Willem Dafoe, “The Florida Project”
Richard Jenkins, “The Shape of Water”
Christopher Plummer, “All the Money in the World”
Woody Harrelson, “Three Billboards Outside Ebbing, Missouri”
Immediate reaction: There isn’t a lot of drama with these acting categories. Rockwell has won the Golden Globe and the SAG Award for playing a racist rube of a police officer in “Three Billboards.” Given that, he’s widely thought to be the favorite. One of the big shockers of the morning was the fact that his co-star, Harrelson, is also up for a prize. It’s also notable that Plummer made the list. The Oscar winner is up for “All the Money in the World,” a movie he joined after it was already shot — the result of director Ridley Scott deciding to replace Kevin Spacey after the actor was accused of sexual assault.
Best animated feature film
Immediate reaction: “The Boss Baby” again!? The movie also made a surprise appearance on the Golden Globes animation list, proving what a subpar year this was for animated features. Still, the absence of “The Lego Batman Movie” seems like a snub. As always, Pixar occupies one of the nomination spots, alongside a couple more artsy picks. If this award is based purely on technical achievement, then the drama “Loving Vincent” should have a fighting chance. Each of the film’s 65,000 frames is an oil painting, created by a classically trained artist mimicking Vincent van Gogh’s work.
Best adapted screenplay
“Call Me By Your Name,” James Ivory
“Mudbound,” Virgil Williams and Dee Rees
“Molly’s Game,” Aaron Sorkin
“The Disaster Artist,” Scott Neustadter and Michael H. Weber
“Logan,” Scott Frank, James Mangold and Michael Green
Immediate reaction: “Molly’s Game” marked Aaron Sorkin’s directorial debut. He wasn’t singled out in that category, but he appears here doing what he does best: writing. This is his third nomination, after having won once already for “The Social Network.” This is the lone nomination for “The Disaster Artist.” It will be vying against “Logan,” which is a bit of an outlier — it’s not often you see a superhero movie up for best screenplay. Although Rees didn’t make the cut for best director, she still got some love from the Academy for her impressive work adapting the screenplay from the novel by Hillary Jordan. Rees is the first black woman in 45 years — and second ever — to be nominated for a screenplay Oscar. The first was Suzanne de Passe for “Lady Sings the Blues” in 1973.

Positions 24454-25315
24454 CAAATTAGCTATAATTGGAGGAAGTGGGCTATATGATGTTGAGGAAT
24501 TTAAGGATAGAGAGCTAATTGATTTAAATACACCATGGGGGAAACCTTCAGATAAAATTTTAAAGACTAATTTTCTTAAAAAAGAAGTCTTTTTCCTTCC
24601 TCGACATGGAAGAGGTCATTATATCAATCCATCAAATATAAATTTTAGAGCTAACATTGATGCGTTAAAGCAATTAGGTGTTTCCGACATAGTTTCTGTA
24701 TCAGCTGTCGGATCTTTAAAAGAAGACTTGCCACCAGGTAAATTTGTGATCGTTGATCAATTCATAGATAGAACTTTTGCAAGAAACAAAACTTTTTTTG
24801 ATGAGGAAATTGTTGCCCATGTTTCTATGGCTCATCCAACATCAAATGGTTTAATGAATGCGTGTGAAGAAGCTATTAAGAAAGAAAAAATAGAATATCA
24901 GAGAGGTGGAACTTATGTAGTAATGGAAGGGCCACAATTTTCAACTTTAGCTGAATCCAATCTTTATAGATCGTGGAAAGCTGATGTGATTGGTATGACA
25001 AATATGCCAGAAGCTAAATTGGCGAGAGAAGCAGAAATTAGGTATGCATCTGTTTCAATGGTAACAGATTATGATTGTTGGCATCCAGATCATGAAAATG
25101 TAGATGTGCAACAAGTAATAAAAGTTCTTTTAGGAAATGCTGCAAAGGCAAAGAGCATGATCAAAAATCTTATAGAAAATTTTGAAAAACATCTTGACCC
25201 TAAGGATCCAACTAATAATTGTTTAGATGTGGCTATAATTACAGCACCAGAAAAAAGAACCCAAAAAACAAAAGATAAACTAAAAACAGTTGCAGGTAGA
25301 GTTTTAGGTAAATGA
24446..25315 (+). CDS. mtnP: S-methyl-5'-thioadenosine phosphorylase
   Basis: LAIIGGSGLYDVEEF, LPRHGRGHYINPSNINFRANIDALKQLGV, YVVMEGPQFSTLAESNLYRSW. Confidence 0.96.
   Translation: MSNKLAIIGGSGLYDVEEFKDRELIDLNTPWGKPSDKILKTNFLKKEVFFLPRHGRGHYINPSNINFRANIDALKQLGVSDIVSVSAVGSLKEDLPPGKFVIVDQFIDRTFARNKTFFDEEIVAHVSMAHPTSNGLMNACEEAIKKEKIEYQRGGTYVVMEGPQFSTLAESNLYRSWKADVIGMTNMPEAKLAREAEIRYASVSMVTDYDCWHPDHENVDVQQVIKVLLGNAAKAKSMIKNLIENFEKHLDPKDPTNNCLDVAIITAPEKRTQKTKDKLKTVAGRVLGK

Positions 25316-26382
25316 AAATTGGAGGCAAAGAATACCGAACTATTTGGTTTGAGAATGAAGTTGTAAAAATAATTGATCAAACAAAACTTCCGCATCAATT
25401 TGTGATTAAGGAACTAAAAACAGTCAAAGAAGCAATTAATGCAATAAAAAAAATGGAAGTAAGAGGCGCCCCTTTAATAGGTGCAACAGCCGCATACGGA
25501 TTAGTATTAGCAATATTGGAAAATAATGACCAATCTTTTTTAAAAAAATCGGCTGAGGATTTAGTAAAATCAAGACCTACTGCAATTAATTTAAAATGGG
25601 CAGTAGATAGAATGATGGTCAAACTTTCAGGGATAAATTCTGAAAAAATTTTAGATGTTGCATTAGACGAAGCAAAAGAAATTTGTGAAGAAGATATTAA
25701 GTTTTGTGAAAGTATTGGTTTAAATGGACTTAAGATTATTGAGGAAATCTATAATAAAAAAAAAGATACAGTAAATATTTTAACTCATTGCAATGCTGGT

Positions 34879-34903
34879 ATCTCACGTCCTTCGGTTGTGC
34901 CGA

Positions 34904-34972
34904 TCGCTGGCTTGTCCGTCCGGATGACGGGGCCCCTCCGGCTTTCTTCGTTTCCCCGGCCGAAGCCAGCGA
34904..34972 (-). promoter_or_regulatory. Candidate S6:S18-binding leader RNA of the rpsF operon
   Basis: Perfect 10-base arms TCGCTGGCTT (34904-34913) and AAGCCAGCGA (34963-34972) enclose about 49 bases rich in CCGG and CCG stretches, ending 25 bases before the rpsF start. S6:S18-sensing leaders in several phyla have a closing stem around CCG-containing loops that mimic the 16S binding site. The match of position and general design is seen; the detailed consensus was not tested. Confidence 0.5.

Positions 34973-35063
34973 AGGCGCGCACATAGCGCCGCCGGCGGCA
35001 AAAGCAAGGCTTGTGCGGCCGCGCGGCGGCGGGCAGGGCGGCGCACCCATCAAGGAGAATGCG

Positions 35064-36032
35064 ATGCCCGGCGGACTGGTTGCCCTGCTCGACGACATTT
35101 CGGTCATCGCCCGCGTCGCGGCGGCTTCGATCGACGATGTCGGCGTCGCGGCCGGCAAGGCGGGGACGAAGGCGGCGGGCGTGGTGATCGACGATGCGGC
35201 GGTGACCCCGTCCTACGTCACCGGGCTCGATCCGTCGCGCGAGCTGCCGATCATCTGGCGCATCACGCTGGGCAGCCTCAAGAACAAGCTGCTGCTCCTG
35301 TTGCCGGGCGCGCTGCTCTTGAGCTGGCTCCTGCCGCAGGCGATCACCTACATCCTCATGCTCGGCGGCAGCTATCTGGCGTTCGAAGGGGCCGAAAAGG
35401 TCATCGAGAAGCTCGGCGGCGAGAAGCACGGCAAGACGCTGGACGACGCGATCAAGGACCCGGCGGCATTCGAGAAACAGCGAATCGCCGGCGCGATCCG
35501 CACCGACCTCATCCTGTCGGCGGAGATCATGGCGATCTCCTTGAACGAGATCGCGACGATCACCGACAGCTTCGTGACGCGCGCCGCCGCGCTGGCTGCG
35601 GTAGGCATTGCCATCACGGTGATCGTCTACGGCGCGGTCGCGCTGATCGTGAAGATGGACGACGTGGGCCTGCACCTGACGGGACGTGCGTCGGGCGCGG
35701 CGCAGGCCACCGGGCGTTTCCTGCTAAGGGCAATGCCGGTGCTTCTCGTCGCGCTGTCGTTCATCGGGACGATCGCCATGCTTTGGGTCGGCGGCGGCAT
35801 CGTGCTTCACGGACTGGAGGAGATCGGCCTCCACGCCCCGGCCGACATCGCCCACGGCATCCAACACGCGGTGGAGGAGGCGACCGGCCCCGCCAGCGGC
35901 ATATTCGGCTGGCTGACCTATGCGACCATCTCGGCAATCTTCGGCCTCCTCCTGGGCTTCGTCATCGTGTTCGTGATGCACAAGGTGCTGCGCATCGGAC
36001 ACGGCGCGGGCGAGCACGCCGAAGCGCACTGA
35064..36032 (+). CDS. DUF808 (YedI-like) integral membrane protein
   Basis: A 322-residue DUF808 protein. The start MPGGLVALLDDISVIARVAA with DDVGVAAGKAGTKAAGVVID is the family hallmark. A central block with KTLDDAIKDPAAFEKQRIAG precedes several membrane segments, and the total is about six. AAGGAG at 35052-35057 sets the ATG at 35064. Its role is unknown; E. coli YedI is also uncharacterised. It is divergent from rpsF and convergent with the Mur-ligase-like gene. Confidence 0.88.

Best original screenplay
“Get Out,” Jordan Peele
“Lady Bird,” Greta Gerwig
“Three Billboards Outside Ebbing, Missouri,” Martin McDonagh
“The Shape of Water,” Guillermo del Toro and Vanessa Taylor
“The Big Sick,” Emily V. Gordon and Kumail Nanjiani
Immediate reaction: There are a lot of familiar names on this list, as Peele, Gerwig and del Toro are all in the best director category as well. It’s a pleasant surprise to see the summer sleeper “The Big Sick” make the list after it was shut out during the Golden Globes. The romantic comedy is based on the real-life relationship of its husband-and-wife writing team.
Best foreign language film
“A Fantastic Woman”
“On Body and Soul”
Immediate reaction: “A Fantastic Woman” is getting the most buzz in this category. The Chilean film follows a transgender woman navigating the loss of her boyfriend. The big surprise here is the absence of Germany’s submission, “In the Fade,” which won the Golden Globe and made waves thanks to Diane Kruger’s powerhouse lead performance.
“Last Men in Aleppo”
“Abacus: Small Enough to Jail”
Immediate reaction: It’s a shock that “Jane” didn’t make the cut. Brett Morgan’s film about primatologist Jane Goodall could have been the favorite to win. Its absence makes way for the French crowd-pleaser “Faces Places,” which follows the unlikely friendship of the 89-year-old director Agnes Varda and the young muralist JR during a road trip through rural France. Meanwhile, Netflix got a boost in this category thanks to nominations for “Strong Island” and “Icarus.” The streaming network was also behind the feature film “Mudbound,” which is up for four awards.
Best original song
“Remember Me,” “Coco”
“Mighty River,” “Mudbound”
“This Is Me,” “The Greatest Showman”
“Mystery of Love,” “Call Me By Your Name”
“Stand Up for Something,” “Marshall”
Immediate reaction: Benj Pasek and Justin Paul have a shot at winning this award two years in a row. The pair, which recently won the Golden Globe for “This Is Me,” also won the Oscar last year for “City of Stars” from “La La Land.” The nomination for “Mighty River” means that Mary J. Blige will be up for an award in two categories. The Grammy winner co-wrote the song with Taura Stinson and Raphael Saadiq.
“Blade Runner 2049,” Roger Deakins
“The Shape of Water,” Dan Laustsen
“Dunkirk,” Hoyte Van Hoytema